The muscles innervated by the cervical nerves are the sternohyoid, sternothyroid and omohyoid
muscles. A loop of nerves called ansa
cervicalis is part of the cervical plexus.
Thoracic nerve branches exit
the spine and go directly to the paravertebral ganglia of the autonomic nervous system where they are
involved in the functions of organs and glands in the head, neck, thorax and
Anterior divisions: The intercostal nerves come from thoracic nerves
T1-T11, and run between the ribs. The subcostal
nerve comes from nerve T12, and runs below the twelfth rib.
Posterior divisions: The
medial branches (ramus medialis) of the posterior branches of the upper six
thoracic nerves run between the semispinalis dorsi and multifidus,
which they supply; they then pierce the rhomboid
and trapezius muscles, and reach the skin by the sides
of the spinous processes. This branch is called the medial cutaneous ramus.
The medial branches of the
lower six are distributed chiefly to the multifidus and longissimus
dorsi, occasionally they give off filaments to the skin near the middle
line. This sensitive branch is called the posterior cutaneous ramus.
The lumbar nerves are divided
into posterior and anterior divisions.
medial branches of the posterior divisions of the lumbar nerves run close to
the articular processes of the vertebrae and end in the multifidus
muscle. The lateral branches supply the erector spinae muscles.
anterior divisions of the lumbar nerves (rami anteriores) consist of long,
slender branches which accompany the lumbar
arteries around the sides of the vertebral bodies, beneath the psoas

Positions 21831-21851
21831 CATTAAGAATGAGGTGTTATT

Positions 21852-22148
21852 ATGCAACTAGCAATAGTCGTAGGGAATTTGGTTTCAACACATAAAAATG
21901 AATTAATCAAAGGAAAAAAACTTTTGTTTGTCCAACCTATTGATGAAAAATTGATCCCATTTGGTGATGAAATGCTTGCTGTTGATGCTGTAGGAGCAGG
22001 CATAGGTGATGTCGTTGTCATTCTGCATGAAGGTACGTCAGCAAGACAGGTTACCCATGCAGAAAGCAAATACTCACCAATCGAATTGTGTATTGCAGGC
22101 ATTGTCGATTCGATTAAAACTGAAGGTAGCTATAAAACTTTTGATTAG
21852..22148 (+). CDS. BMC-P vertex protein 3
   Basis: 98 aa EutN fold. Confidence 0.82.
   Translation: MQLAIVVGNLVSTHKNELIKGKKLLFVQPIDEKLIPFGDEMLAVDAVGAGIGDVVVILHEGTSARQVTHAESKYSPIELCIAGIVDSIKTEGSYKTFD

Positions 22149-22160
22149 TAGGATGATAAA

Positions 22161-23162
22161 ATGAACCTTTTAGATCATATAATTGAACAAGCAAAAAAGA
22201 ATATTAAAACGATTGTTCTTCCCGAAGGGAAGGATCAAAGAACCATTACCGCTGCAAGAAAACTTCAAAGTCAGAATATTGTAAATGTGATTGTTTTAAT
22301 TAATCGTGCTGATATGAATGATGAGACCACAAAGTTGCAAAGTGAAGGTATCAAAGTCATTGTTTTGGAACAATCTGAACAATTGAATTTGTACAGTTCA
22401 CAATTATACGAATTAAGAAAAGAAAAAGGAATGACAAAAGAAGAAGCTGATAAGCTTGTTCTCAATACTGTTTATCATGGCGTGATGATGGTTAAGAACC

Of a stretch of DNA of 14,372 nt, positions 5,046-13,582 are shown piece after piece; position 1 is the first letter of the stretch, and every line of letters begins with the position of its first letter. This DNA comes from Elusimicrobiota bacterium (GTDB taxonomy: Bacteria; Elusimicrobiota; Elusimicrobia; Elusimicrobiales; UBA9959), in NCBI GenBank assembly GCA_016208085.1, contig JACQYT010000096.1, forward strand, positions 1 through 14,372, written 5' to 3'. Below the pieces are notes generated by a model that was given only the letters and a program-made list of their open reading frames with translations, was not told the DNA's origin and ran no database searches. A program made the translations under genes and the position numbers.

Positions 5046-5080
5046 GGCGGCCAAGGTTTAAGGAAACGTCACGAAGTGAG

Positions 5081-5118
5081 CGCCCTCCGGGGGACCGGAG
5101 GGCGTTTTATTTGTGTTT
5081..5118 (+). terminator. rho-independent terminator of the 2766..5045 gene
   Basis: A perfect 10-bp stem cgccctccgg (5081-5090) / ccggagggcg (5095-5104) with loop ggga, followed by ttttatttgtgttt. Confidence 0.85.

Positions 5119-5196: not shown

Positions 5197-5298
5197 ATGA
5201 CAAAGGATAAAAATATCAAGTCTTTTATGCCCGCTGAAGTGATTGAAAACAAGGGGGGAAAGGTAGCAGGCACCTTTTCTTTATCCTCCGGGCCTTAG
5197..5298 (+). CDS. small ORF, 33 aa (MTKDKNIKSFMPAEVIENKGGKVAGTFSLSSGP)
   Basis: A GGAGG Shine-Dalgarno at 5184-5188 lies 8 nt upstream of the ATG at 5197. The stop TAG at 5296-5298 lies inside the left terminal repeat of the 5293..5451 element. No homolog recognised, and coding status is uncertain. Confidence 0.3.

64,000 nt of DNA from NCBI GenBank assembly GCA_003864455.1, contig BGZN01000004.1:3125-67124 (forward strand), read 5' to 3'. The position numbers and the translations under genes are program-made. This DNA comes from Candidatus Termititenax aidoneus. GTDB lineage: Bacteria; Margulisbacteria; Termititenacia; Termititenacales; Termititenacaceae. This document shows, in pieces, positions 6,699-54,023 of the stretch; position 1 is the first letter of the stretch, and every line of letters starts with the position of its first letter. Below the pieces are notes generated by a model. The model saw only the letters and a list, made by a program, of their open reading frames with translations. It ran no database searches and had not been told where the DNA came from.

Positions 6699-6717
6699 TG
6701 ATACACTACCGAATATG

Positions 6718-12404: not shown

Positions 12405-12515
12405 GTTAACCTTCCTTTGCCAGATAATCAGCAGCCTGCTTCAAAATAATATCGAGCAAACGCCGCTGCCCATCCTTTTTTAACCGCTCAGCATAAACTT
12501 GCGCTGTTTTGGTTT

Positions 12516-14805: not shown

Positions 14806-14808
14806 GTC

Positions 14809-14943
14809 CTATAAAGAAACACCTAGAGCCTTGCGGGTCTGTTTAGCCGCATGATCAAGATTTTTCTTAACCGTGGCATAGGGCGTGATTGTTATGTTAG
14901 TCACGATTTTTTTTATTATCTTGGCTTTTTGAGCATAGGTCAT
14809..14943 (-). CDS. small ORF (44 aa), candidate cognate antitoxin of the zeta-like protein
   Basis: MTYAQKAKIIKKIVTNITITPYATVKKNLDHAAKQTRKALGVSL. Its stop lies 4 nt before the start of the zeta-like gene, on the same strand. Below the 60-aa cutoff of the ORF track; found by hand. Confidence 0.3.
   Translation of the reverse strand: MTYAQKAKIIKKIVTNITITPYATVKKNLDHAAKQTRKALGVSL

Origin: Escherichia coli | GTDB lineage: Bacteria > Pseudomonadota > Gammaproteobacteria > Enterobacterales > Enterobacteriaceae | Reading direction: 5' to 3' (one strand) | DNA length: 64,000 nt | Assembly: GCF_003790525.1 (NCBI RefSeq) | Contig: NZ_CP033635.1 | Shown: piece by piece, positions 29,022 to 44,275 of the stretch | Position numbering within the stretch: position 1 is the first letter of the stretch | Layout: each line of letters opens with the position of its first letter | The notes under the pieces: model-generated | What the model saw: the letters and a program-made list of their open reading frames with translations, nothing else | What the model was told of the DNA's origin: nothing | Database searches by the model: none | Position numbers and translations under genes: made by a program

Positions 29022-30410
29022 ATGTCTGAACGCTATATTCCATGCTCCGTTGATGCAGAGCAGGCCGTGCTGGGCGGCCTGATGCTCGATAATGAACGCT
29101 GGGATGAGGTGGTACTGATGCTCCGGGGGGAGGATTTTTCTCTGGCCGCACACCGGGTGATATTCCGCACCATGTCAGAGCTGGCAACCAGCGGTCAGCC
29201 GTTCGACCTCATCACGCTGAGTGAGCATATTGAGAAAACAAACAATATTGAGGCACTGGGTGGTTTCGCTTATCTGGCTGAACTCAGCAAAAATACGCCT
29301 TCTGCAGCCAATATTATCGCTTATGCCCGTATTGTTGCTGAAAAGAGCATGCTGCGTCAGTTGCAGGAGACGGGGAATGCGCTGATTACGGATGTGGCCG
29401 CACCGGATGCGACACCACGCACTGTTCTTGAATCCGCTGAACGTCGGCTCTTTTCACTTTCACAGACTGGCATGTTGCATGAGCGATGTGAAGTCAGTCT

The first and second, and
sometimes the third and fourth lumbar nerves are each connected with the lumbar
part of the sympathetic trunk by a white ramus communicans.
The nerves pass obliquely
outward behind the psoas major, or between its fasciculi,
distributing filaments to it and the quadratus lumborum.
The first three and the
greater part of the fourth are connected by anastomotic loops and form the lumbar
The smaller part of the
fourth joins with the fifth to form the lumbosacral
trunk, which assists in the formation of the sacral
plexus. The fourth nerve is named the furcal nerve, from the fact that
it is subdivided between the two plexuses.
There are five paired
sacral nerves, half of them arising through the sacrum on the left side and the
other half on the right side. Each nerve emerges in two divisions: one division
through the anterior sacral foramina and the other
division through the posterior sacral foramina.
The sacral nerves have
both afferent and efferent
fibers, thus they are responsible for part of the sensory perception and the movements of the
lower extremities of the human body. The pudendal nerve and parasympathetic
fibers arise from S2, S3, and S4. They supply the descending
colon and rectum,
bladder, and genital organs. These pathways have both afferent
and efferent fibers.
coccygeal nerve is the 31st pair of spinal nerves and arises from the conus
medullaris. Its anterior root helps form the coccygeal
Spinal nerve motor
functions are summarized in the table below.
Source: Boundless. “Overview of the Spinal Nerves.” Boundless Anatomy and Physiology. Boundless, 29 Jul. 2016. Retrieved 31 Aug. 2016 from https://www.boundless.com/physiology/textbooks/boundless-anatomy-and-physiology-textbook/peripheral-nervous-system-13/spinal-nerves-132/overview-of-the-spinal-nerves-710-5078/